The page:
Supernatural Magazine

Dawn Of A New Age: The Early History Of Spiritualism. Part 1

I am, for all intents and purposes a major history nerd. There is nothing better than cracking open a book about the American Civil War, or losing myself in endless hours of World War II documentaries. And despite my considerable shortcomings in most of my classes in high school, history was the one subject I truly excelled in.

You may ask why history is so important. It’s an honest question to a subject many find boring, history serves a twofold purpose. One, it gives us the perspective on where we came from and where we are going. Two, it teaches us not to make the same stupid mistakes our ancestors made. Mistakes that have almost brought us to the brink of destruction more than once. If history attests to one thing, we as humans can be kind of dumb.

If you call yourself a paranormal researcher or investigator, it’s important to understand the history of why we give up our Saturday nights to sit in some mouldy dark basement hoping to make contact with something that may or may not be there.

Understanding the history of why we do what we do, or why we use the methods we use to make contact with the spirit world is of the utmost importance. The whole one tsp for yes, and two for no method so many of us use when in the field. It goes back much further than you think. Back to an era when an alternative spiritual movement threatened to dethrone Christianity as the dominate religion in the western world. And it was also a social movement that may have been instrumental in giving women the right to vote.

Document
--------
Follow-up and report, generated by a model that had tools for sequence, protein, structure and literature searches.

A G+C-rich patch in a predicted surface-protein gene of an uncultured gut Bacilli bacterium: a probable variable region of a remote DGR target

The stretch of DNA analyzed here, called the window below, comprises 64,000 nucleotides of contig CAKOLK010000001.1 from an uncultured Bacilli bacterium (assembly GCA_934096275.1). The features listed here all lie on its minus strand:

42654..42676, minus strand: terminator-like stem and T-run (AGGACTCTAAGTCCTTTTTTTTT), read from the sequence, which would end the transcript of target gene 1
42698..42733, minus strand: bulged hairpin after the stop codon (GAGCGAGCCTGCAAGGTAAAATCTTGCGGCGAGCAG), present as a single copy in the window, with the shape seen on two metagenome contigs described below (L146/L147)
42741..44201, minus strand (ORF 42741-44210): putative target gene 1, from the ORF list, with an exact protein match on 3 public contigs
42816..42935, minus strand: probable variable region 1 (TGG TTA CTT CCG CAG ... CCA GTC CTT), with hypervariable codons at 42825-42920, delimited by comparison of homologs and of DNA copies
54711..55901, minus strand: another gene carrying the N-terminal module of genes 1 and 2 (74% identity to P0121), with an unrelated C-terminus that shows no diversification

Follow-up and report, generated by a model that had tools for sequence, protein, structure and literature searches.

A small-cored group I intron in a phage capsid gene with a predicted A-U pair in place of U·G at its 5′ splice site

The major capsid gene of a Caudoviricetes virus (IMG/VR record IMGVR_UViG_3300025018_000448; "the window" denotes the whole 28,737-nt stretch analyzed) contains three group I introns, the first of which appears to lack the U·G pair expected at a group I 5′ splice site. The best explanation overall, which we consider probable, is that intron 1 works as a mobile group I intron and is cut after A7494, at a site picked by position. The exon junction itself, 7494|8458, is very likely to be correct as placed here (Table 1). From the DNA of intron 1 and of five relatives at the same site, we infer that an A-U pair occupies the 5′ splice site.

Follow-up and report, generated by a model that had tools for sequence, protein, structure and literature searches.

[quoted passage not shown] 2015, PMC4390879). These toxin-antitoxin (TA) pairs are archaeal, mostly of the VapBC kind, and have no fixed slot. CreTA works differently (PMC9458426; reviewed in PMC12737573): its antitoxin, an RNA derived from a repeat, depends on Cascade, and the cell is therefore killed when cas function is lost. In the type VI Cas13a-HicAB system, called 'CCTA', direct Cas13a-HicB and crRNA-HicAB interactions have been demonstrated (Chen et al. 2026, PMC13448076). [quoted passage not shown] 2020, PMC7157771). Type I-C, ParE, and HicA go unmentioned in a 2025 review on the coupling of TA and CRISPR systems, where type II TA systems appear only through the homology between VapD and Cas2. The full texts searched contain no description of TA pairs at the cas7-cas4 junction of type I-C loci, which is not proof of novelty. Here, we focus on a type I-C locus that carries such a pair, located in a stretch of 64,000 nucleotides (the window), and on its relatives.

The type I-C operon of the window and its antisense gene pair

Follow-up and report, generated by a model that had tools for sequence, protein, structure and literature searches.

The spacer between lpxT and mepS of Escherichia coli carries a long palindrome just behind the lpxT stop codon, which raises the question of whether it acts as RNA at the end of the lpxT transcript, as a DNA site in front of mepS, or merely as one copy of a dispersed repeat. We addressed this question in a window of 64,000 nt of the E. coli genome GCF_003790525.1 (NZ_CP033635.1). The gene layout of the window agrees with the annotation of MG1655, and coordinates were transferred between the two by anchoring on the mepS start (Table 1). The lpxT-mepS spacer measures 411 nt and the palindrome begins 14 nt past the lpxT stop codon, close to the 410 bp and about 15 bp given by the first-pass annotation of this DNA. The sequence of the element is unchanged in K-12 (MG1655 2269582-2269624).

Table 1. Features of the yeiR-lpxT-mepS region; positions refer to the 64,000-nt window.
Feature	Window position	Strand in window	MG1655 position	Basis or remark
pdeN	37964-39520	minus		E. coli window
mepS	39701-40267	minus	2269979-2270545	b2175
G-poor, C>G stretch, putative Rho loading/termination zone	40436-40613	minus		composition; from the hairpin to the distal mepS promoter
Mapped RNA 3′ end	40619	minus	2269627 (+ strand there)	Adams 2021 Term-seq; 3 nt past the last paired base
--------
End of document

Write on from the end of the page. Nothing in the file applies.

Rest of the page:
When Spiritualism began many considered it to be the dawn of a new age. Spiritualism as a belief system opened a new way of understanding the world around us. Furthermore, this new belief system provided a new perspective on life after death, and what happens to us when we shrug off this mortal coil.

Up until that time, Christianity was the go to belief system for the western world. For centuries the church taught that if lived a pious life and believed on the Lord than you were welcomed into the open arms of God and lived forever in heaven. But if you continued to sin and rejected the teachings of Christ it meant an eternity of torment. Spiritualism had a much different approach. Spiritualism taught that souls of the dearly departed still wandered the Earth seeking to make contact with the living. For many, this seemed like a good deal, the pain of death and the uncertainty of what happened next seemed a little less severe.

Spiritualism had a second, somewhat unintended effect on Victorian society. Not only did the dead have a voice, but so did women. For much of history, women were to be seen and rarely heard. A

Woman’s place was either in the kitchen or taking care of the children while their male counterparts were out conquering the world. Women were expected to nothing more than pretty but silent companions to the male gender.

With advent of Spiritualism, women now had a voice. Although there were many men who had the gift in communicating with the spirit realm, women seemed to have a greater acumen in contacting the other side. More women had the gift of the medium. Some historians believed that Spiritualism may have sparked the Suffrage movement, a social movement in the US and the UK that sought to give women the right to vote. Women now had a voice and they would exercise that voice in more ways the one.

So, where did this “dawn of a new age” get its start? Like most movements, Spiritualism had very humble beginnings. This movement that sparked a revolution of belief and ideas began with three young women in a small house in upstate New York and a haunting.

Rick Hale

Rick Hale

Rick Hale has spent his life in the pursuit of the unknown after witnessing an apparition at his grandparents’ house on the north side of Chicago.

Over the past 20-plus years, Rick has been on dozens of investigations with large paranormal groups to being completely independent.